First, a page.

Active & Passive Transport in Cells

Active & Passive Transport in Cells
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  • 0:01 Swimming in Solutions
  • 0:43 Moving Cellular Material
  • 1:58 Passive Transport
  • 3:50 Active Transport
  • 5:02 Lesson Summary
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Lesson Transcript
Instructor: Kevin Newton

Kevin has edited encyclopedias, taught middle and high school history, and has a master's degree in Islamic law.

Every second of every day, your cells are restocked with vital nutrients while getting rid of waste products. How does all this go on, you ask? Find out in this lesson on active and passive transport in cells.

Swimming in Solutions

Let's pretend for a moment that you're on vacation at the Dead Sea. You've already done the mud wraps and seen the sights, so now you're getting ready to go float around a little while. You see that there is an obnoxious tour group down at the beach, so you decide to go to the pool instead.

After almost an hour of floating around, you notice that your fingers and toes have become wrinkled. However, you also notice that the tour group has left. You grab your newspaper and camera and head down to the beach. You take all the standard pictures of floating in the ultra salty water, but after 30 minutes or so you notice that your fingers and toes are no longer wrinkled. In fact, they are a little swollen. What in the world happened?

Moving Cellular Material

In short, you have just seen your hands and feet go through a process that happens billions of times across the human body. Surely you've heard the fact that the human body is more than 70% water. It is through this water that cells receive nutrients and get rid of wastes. So how do they do that?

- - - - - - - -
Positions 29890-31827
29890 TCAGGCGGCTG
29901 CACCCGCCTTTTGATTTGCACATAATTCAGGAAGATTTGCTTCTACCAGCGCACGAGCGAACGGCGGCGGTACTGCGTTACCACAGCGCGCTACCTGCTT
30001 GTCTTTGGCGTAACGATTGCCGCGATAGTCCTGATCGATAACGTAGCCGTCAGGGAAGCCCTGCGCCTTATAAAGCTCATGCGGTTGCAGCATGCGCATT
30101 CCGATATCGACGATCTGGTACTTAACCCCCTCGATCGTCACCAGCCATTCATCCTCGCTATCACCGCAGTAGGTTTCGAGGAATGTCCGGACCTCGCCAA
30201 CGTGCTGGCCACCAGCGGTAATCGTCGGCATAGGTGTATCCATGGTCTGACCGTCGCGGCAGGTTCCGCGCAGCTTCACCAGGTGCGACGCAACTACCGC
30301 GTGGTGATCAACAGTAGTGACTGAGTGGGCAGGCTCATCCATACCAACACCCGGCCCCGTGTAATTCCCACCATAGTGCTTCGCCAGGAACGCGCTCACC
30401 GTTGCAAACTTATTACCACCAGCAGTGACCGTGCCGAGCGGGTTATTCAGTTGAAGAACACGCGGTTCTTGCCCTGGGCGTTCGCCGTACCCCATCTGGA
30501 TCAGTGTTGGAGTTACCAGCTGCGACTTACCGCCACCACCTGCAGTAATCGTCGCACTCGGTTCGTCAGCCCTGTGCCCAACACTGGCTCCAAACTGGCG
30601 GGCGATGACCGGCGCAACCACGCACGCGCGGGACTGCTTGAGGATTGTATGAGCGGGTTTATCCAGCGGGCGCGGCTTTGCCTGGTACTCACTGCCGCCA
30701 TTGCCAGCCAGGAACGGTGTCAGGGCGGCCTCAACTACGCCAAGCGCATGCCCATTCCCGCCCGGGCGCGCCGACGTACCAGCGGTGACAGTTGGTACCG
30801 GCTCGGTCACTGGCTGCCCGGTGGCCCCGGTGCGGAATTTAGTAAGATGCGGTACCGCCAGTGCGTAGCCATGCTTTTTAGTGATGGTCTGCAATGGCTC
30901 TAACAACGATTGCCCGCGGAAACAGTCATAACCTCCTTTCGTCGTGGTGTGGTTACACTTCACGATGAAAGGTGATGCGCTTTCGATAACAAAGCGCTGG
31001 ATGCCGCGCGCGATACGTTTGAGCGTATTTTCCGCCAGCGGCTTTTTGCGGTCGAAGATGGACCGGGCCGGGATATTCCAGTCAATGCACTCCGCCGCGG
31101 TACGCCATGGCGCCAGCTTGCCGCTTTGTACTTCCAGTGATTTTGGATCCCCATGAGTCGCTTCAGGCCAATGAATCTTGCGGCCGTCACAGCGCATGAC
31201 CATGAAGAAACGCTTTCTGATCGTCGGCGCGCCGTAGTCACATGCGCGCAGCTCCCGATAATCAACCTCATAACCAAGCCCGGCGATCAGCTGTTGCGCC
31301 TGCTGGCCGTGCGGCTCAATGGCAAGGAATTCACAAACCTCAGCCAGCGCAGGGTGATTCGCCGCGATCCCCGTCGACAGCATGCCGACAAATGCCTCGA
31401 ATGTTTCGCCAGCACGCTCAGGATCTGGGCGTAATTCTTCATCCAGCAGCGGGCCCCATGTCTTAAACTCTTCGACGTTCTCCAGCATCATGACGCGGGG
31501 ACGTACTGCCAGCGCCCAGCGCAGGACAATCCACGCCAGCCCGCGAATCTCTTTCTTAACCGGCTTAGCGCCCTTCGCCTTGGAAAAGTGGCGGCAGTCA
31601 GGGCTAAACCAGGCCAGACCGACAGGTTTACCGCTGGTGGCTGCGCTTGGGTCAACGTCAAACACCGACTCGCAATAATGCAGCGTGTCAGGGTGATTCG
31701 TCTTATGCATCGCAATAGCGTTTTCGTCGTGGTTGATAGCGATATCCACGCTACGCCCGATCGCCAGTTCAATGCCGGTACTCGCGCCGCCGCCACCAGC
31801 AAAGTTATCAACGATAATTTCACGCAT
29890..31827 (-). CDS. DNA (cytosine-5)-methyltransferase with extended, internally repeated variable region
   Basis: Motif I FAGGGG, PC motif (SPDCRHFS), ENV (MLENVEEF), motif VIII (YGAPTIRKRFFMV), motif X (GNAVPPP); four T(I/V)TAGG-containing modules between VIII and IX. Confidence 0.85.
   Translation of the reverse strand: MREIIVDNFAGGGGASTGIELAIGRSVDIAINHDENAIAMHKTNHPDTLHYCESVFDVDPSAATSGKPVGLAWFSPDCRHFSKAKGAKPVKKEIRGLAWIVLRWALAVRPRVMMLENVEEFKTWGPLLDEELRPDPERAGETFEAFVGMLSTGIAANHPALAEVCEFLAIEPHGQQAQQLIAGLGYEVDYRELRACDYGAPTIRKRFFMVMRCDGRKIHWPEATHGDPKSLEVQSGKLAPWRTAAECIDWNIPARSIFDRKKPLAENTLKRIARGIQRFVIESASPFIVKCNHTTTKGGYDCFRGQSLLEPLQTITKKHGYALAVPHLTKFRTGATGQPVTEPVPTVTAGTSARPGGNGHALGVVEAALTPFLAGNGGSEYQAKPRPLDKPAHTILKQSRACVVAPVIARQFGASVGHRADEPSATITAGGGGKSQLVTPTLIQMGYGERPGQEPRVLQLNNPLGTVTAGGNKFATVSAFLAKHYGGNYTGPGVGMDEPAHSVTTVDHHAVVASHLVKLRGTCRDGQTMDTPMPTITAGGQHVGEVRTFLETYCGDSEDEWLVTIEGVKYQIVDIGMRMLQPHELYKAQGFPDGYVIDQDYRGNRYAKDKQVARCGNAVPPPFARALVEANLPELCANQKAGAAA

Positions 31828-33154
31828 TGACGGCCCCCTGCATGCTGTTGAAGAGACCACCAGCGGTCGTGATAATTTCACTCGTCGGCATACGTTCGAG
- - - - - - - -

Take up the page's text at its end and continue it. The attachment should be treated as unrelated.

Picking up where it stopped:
In short, cells are able to move nutrients and waste products due to passive transport and active transport. Passive transport involves moving nutrients from a more highly concentrated solution to a lower concentrated solution without the use of energy. In other words, it just happens. Meanwhile, active transport involves moving material from a less concentrated solution to a more highly concentrated solution and uses energy.

Think about it like this. Imagine a party which is going on in your dorm room. Passive transport would involve your next door neighbor opening their door and inviting some of your guests to come over. There is more room, which means that the solution is now at a lower concentration. Assuming you don't have any weird friends that no one wants to be around, there will be roughly equally sized groups of people in each room. Meanwhile, active transport occurs when your neighbor changes his mind and decides that they need sleep. They push everyone into a smaller area, namely your dorm room.

Passive Transport

Passive transport, once again, involves going from a highly concentrated solution to a lower concentrated solution. In the body, there is a spectrum known as the concentration gradient that emerges. At one end of the spectrum, the most highly concentrated parts of the solution congregate. At the other end, the least likely concentrated parts exist. Think about pouring water on top of sand. It may puddle up at first, but eventually the water will be absorbed by the sand. It is far from instantaneous - just like your neighbor opening his door to your party, half of your guests will not randomly decide to leave. Instead, it takes time.

Also, sometimes there is a barrier in-between the two solutions that only let certain materials pass. This is known as being semi-permeable. In other words, it's like your door. The materials that you would prefer to have the ability to pass through the membrane can do so easily, namely people. However, if you had reconstructed a car in your room as a prank, you cannot suddenly move it from one room to the other.

There are three major ways that passive transport can occur. The first is simple diffusion, when dissolved materials slowly even out in concentration over time. This is the equivalent of someone saying that the room next door is open. Slowly, over time people will move over.

The second is called facilitated diffusion, when another forces help to facilitate the transfer of materials. Let's say your next-door neighbor had a crush on one of your guests. Facilitated diffusion would involve him asking her and her friends if they wanted to come hang out in his room.

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